boolean operators, negation, and stemming. However, other features are just
starting to be explored such as relevance feedback and clustering (Google
currently supports a simple hostname based clustering). We are also working
to extend the use of link structure and link text. Simple experiments indicate
PageRank can be personalized by increasing the weight of a user's home
page or bookmarks. Web search engine is a very rich environment for
research ideas. We have far too many to list here so we do not expect this
Future Work section to become much shorter in the near future.
High Quality Search
The biggest problem facing users of web search engines today is the quality of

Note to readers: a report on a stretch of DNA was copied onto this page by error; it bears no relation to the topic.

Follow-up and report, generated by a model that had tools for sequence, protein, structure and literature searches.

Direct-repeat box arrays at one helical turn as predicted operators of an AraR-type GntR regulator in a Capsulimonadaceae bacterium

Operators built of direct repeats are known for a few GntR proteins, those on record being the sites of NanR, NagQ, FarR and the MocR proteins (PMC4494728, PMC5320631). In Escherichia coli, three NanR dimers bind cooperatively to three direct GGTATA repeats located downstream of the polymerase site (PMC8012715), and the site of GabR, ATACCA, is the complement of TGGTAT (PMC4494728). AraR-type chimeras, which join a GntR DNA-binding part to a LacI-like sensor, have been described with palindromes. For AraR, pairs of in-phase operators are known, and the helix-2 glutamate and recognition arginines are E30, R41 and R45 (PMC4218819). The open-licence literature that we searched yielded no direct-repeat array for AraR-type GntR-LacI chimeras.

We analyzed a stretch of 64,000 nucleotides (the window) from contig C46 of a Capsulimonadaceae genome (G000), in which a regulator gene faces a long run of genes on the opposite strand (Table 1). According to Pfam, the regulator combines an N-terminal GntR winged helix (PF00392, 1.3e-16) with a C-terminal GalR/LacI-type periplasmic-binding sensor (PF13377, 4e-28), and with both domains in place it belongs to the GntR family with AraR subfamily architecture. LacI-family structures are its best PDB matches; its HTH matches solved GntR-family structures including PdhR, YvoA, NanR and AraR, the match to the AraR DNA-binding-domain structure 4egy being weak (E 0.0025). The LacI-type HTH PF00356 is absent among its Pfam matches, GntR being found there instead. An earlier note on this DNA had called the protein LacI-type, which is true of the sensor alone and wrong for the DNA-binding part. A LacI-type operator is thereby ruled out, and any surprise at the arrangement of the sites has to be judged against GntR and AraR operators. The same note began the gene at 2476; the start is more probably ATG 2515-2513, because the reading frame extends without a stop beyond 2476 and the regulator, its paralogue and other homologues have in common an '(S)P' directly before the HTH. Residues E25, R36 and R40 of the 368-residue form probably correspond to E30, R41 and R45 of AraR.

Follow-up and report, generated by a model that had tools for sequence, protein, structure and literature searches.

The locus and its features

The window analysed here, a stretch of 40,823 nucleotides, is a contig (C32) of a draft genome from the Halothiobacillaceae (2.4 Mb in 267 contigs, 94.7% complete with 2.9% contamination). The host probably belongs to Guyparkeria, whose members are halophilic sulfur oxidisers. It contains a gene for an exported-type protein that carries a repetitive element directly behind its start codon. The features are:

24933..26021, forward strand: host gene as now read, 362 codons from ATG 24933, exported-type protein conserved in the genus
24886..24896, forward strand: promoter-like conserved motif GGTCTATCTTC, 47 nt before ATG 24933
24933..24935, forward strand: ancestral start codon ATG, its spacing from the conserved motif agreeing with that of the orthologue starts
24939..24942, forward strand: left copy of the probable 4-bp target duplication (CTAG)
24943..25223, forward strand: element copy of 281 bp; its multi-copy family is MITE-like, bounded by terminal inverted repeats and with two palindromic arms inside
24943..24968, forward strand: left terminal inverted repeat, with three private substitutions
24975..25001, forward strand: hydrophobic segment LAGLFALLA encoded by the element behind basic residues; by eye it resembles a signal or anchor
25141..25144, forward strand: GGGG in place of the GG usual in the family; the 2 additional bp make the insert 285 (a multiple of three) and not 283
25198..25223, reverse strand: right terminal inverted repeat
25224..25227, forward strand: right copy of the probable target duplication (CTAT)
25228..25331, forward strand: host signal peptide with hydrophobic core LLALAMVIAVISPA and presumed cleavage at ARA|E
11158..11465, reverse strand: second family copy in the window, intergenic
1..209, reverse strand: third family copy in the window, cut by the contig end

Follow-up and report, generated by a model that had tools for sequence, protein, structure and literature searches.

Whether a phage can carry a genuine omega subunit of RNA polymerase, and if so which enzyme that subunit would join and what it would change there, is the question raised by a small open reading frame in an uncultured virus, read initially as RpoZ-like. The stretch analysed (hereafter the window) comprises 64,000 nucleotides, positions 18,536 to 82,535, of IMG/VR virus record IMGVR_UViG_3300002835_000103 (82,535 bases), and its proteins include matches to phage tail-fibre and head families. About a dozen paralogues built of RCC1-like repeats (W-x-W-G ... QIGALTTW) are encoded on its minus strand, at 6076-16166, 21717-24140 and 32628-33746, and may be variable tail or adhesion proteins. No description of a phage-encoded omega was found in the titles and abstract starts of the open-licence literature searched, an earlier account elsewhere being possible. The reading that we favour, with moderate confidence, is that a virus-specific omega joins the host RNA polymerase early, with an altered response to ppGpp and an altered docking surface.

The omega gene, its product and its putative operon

the results they get back. While the results are often amusing and expand
user’s horizons, they are often frustrating and consume precious time. For
example, the top result for a search for "Bill Clinton" on one of the most
popular commercial search engines was the Bill Clinton Joke of the Day: April
14, 1997. Google is designed to provide higher quality search so as the Web
continues to grow rapidly, information can be found easily. In order to
accomplish this Google makes heavy use of hypertextual information
consisting of link structure and link (anchor) text. Google also uses proximity
and font information. While evaluation of a search engine is difficult, we have
subjectively found that Google returns higher quality search results than
current commercial search engines. The analysis of link structure via
PageRank allows Google to evaluate the quality of web pages. The use of link
text as a description of what the link points to helps the search engine return
relevant (and to some degree high quality) results. Finally, the use of proximity
information helps increase relevance a great deal for many queries.